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Klein v. Kushins


August 1, 2007


On appeal from the Superior Court of New Jersey, Law Division, Somerset County, Docket No. L-867-04.

Per curiam.


Submitted April 17, 2007

Before Judges Coburn, Axelrad and R. B. Coleman.

Plaintiff Sanford L. Klein, D.D.S. and M.D., appeals from a grant of summary judgment in favor of defendants, Lawrence Kushins, M.D., and the University of Medicine and Dentistry of New Jersey (UMDNJ), in relation to his complaint for malicious interference with prospective economic advantage and intentional and negligent infliction of emotional distress. After carefully considering plaintiff's arguments, in light of the facts and the applicable law, we affirm.

From 1983 through June 1999, plaintiff was Chairman of the Robert Wood Johnson Medical School Department of Anesthesiology and Chief of Anesthesia Services at Robert Wood Johnson University Hospital, a private institution that serves as a teaching hospital for defendant UMDNJ. During his tenure, he had a number of disagreements with the dean of the medical school, and was eventually removed from his positions. Plaintiff filed two lawsuits against defendants under the Conscientious Employee Protection (CEPA), N.J.S.A. 34:19-1 to -4; both were fully litigated and dismissed with prejudice. Plaintiff took a two-year leave of absence from the hospital and UMDNJ, returning in March 2001. During his absence, defendant Kushins replaced plaintiff as Department Chair and Chief of Anesthesiology and, upon plaintiff's return, became his supervisor.

Plaintiff's hospital privileges were due to expire on June 30, 2002, and, pursuant to the bylaws of the hospital, his Medical Staff Reappointment Application was sent to defendant Kushins for review and recommendation. Kushins recommended that the Credentials Committee deny plaintiff's application, citing numerous allegations against plaintiff after his return to the hospital. Kushin's letter to the committee detailed fifteen incidents that occurred over the six-month period from plaintiff's return to clinical practice in April 2001 to his cessation of clinical activities in October 2001. Kushins concluded that plaintiff's competence in performing basic anesthesia services was unsatisfactory, resulted in the cancellation of several procedures and caused significant distress in several patients. He characterized plaintiff's behavior in the presence of hospital patients and staff as disrespectful, lacking in sensitivity, and detrimental to patients' rights and the quality of hospital care.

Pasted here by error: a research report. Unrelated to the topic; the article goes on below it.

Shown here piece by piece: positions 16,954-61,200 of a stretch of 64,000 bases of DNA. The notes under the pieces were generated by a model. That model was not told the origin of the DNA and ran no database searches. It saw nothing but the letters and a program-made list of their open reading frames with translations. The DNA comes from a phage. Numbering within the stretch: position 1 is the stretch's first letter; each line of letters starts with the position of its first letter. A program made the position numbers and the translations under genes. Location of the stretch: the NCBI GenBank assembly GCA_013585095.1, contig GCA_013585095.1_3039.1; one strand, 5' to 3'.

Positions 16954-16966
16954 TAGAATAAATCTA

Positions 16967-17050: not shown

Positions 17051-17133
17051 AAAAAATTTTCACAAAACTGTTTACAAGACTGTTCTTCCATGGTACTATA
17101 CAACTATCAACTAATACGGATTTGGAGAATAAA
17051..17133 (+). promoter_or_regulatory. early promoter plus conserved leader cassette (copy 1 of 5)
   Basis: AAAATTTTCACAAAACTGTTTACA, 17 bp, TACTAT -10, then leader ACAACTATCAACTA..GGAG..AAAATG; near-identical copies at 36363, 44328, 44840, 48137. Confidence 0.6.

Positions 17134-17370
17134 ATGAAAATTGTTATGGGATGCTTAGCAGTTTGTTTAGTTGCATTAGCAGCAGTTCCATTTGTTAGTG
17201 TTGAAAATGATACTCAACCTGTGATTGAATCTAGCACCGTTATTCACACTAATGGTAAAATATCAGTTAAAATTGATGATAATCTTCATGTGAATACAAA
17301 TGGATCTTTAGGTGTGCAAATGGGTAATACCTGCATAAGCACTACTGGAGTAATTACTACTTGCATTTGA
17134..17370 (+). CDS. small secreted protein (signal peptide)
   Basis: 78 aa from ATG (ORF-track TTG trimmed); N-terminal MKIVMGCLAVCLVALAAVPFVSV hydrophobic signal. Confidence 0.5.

After their own review of plaintiff's application, the Credentials Committee recommended that the hospital's board of directors deny plaintiff's reappointment. In light of that recommendation, plaintiff was entitled to a hearing before the Fair Hearing Committee. The Fair Hearing Committee heard testimony and received evidence for almost two years thereafter. Ultimately, plaintiff was allowed to continue practicing medicine at the hospital, but the Fair Hearing Committee recommended that plaintiff undergo a period of retraining and supervision. The Credentials Committee affirmed the Fair Hearing Committee's recommendation, but required in addition that plaintiff's physical, mental and emotional condition be evaluated, and that his clinical activities remain under supervision. Plaintiff refused to accept those restrictions, and this lawsuit ensued.

In his complaint, filed June 11, 2004, plaintiff alleged that: (1) defendant Kushins acted in a malicious manner to interfere with plaintiff's job status and reputation in the medical community; (2) the actions taken by defendant Kushins were intentional and negligent, and resulted in extreme emotional distress to plaintiff. On defendants' motion, Judge Victor Ashrafi granted summary judgment in favor of defendants, dismissing plaintiff's complaint in its entirety. On appeal, plaintiff contends that: (1) Dr. Kushins is not immune under the Health Care Quality Improvement Act (HCQIA), 42 U.S.C.A. § 11101 - 11152; (2) a reasonable jury could find that defendants maliciously interfered with his prospective economic advantage; (3) there is a genuine issue of material fact as to plaintiff's claim of intentional infliction of emotional distress; and (4) Dr. Kushins is not immune under the New Jersey Tort Claims Act, N.J.S.A. 59:1-1 to 59:12-3.